In the children’s section of the Stoughton library, just above the “D” section, a tribute to Anne Frank adorns the walls.

The exhibit, meant to run later in the year was bumped up as a dedication to former Courier Hub reporter Amber Levenhagen, who died in a car accident Aug. 9.

Residents at the memory care Magnolia Gardens facility helped make that tribute, titled, “To our children’s children,” which is made with newspaper clippings, family pictures and Hollywood stars to tell the story of the 15 year old Holocaust victim.

Although both Frank and Levenhagen died too young, they live on with their writing, Michael Hecht, assistant director of leisure services at Skaalen Nursing and Rehabilitation Center said.

“(Amber) spoke to the people,” he said. “She was just a natural with what journalism can do and the power of words and pictures.”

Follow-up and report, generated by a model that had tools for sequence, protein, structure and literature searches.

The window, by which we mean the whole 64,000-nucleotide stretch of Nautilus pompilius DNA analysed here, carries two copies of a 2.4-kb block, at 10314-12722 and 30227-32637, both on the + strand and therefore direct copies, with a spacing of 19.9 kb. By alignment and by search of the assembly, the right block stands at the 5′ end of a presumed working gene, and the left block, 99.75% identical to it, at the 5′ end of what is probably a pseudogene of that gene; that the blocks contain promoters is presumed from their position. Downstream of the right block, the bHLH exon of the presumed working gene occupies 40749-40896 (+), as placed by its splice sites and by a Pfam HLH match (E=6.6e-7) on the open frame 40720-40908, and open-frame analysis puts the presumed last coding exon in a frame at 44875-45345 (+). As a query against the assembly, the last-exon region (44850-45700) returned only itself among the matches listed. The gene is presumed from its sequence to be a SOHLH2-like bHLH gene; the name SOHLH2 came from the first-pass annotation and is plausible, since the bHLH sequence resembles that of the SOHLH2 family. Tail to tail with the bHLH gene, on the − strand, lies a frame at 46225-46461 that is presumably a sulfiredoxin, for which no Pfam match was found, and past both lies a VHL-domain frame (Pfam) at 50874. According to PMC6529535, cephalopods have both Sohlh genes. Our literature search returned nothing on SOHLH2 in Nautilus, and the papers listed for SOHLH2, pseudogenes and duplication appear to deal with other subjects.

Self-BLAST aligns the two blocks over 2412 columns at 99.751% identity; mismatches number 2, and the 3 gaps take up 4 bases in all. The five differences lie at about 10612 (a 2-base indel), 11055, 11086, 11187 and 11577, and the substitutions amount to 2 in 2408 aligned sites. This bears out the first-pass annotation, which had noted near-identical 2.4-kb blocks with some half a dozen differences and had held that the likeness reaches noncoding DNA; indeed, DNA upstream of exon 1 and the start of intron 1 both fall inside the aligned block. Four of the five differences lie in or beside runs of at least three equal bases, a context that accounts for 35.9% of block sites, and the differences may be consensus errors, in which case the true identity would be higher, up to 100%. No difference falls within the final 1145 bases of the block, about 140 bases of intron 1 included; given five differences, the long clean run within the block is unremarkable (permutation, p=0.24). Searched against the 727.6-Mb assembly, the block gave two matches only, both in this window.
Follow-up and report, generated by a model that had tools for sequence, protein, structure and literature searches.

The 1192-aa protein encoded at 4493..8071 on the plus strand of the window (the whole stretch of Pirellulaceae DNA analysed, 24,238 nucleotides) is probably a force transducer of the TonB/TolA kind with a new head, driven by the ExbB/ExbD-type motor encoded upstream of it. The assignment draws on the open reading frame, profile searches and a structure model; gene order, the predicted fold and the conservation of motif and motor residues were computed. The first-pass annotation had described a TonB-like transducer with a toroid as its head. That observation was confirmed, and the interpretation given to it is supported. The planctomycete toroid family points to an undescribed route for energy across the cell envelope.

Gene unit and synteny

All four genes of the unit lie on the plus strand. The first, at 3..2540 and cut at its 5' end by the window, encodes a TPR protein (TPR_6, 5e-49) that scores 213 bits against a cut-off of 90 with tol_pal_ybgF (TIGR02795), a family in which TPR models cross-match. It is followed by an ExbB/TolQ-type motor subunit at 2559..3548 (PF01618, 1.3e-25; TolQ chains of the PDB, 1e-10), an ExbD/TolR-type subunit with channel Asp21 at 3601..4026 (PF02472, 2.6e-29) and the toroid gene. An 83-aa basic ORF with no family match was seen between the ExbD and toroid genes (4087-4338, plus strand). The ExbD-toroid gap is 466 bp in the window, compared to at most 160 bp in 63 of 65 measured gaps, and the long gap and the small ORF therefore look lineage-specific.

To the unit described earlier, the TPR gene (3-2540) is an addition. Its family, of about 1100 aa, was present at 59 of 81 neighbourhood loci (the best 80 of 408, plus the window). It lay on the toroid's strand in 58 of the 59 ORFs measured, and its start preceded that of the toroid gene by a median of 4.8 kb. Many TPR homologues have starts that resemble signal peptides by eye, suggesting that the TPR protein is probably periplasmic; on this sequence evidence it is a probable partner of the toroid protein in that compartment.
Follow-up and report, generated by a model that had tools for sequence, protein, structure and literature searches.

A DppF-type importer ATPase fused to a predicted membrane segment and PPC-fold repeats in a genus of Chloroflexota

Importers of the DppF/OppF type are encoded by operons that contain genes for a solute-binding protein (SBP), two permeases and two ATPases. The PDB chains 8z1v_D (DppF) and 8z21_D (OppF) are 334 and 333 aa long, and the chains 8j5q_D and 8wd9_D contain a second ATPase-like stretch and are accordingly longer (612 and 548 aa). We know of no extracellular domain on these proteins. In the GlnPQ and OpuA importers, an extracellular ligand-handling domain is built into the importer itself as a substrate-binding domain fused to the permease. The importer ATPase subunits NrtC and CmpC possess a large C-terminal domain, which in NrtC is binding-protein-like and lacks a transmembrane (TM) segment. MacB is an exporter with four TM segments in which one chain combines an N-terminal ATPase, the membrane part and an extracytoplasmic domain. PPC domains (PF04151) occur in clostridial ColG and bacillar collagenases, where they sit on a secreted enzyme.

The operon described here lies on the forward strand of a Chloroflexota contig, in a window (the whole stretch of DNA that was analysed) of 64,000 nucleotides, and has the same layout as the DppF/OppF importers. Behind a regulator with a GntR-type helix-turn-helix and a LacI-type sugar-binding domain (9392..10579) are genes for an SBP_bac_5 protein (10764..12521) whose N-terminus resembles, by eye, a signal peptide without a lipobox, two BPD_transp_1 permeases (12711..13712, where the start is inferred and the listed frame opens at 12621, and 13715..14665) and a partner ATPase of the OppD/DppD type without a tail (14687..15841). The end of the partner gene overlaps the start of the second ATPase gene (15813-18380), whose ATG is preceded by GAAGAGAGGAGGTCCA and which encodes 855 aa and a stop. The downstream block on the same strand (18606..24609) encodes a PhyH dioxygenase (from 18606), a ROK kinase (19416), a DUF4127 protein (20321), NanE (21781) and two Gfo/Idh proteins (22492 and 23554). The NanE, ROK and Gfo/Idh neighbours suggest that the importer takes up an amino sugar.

Hecht talked about the importance of memoirs, biographies even the stories from a local reporter can have widespread impact.

In the exhibit, you’ll notice there are no pictures of concentration camps, or malnourished survivors. The photos focus on Frank’s early life when she loved Hollywood movie stars and enjoyed family life with her sister, mother and father.

Anne Frank died in the Bergen-Belsen concentration camp in 1945. Her father, Otto Frank, the only known survivor of the family, published her diary after World War II ended.

Like many other of Hecht’s projects, he said he wanted the people at Magnolia Gardens who are living with dementia, Alzheimer’s and memory loss to participate in the exhibit. People at Magnolia Gardens and other residents at the Skaalen home were touched by Levenhagen, Hecht said.

“(Levenhagen’s) legacy is still here, like Anne Franks,” Hecht said. “They both left a powerful legacy in so short of a time. That is overall the grace that you take away, they left their mark – and not many people get to do that.”

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